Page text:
Working towards a definition for workplace violence actions in the health sector
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Background Unlike the patient safety research network, no consensus document exists that outlines definitions and concepts that pertain to the workplace violence research environment in the health sector. There are no agreed definitions internationally for terms such as vertical and horizontal violence. This results in a challenging research environment where parallels and commonality are somewhat ambiguous. The objective of this study was to define six central actions of workplace violence for use in health sector research. Methods This was a two-part study design, Part 1 was a literature search of medical related electronic databases from their beginning until the end of June 2014. Articles of any study type were included if their main purpose was to define the actions of workplace violence. Part 2 was a group discussion held during a workshop at an international conference to discuss and compile definitions for specific workplace violence acts. Results Part 1, a total of 91,681 articles were identified with 82 articles meeting the inclusion criteria with 50 articles excluded as they did not report on definitions relating to workplace violence. After discussion and debate the outcome of Part 2 concluded in a consensus where six definitions were proposed; Bullying, Verbal Abuse, Threat, Physical Abuse, Sexual Harassment, and Sexual Abuse. Conclusion This study presents a set of definitions that serves as a starting point for defining workplace violence actions and as a foundation for future refinement and possible additions as the workplace and the way people work evolves over time in the health sector.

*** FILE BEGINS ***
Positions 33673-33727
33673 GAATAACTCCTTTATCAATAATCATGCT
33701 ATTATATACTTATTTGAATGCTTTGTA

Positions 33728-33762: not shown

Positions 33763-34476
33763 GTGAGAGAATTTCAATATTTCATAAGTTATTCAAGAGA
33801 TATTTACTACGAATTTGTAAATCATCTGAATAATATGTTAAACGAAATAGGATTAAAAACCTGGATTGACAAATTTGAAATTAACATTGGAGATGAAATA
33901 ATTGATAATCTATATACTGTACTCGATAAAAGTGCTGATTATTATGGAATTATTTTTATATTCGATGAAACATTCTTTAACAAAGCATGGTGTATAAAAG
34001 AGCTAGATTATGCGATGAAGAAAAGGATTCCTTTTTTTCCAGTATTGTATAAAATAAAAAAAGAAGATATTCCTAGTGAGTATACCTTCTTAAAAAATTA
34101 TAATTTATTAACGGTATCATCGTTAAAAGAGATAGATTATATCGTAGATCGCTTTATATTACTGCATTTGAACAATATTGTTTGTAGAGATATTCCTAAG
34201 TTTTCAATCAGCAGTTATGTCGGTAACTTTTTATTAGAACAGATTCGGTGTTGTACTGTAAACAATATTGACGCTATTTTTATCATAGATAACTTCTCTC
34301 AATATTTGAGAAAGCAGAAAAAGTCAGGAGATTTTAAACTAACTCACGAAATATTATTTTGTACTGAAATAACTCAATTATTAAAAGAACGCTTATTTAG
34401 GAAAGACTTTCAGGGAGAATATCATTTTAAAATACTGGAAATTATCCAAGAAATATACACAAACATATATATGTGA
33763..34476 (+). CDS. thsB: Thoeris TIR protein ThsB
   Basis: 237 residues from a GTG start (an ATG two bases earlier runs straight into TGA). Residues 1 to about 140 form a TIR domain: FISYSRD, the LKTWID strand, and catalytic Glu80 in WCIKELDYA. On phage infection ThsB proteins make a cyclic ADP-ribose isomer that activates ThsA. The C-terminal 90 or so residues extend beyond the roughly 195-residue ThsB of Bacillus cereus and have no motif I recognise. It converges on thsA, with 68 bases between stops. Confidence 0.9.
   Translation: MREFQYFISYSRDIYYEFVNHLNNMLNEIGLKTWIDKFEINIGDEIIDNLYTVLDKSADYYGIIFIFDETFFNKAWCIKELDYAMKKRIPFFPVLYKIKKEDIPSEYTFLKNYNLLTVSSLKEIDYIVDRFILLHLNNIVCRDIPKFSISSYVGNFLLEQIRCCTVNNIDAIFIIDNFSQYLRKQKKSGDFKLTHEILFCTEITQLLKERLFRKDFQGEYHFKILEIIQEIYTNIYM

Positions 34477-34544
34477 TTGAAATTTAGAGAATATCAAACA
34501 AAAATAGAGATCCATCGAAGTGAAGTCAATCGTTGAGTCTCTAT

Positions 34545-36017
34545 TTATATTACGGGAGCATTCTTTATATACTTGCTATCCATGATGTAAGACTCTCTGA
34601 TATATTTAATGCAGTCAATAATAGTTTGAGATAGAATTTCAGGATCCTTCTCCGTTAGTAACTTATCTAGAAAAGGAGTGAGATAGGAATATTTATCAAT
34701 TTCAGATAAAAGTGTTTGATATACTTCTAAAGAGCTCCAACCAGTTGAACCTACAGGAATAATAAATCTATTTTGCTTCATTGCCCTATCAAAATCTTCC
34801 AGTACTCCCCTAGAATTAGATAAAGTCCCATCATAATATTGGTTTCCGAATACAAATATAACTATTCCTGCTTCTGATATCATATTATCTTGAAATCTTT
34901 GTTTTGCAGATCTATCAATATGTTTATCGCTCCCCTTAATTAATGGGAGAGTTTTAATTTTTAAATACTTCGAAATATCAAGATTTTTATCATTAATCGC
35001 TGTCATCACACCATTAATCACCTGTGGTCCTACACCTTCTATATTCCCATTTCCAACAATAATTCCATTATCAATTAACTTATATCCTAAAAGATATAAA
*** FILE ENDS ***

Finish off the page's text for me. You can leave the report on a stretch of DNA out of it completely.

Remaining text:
Safety in Health
© 2016 Boyle and Wallis. Open Access This article is distributed under the terms of the Creative Commons Attribution 4.0 International License (http://creativecommons.org/licenses/by/4.0/), which permits unrestricted use, distribution, and reproduction in any medium, provided you give appropriate credit to the original author(s) and the source, provide a link to the Creative Commons license, and indicate if changes were made. The Creative Commons Public Domain Dedication waiver (http://creativecommons.org/publicdomain/zero/1.0/) applies to the data made available in this article, unless otherwise stated.
Medical and Health Sciences not elsewhere classified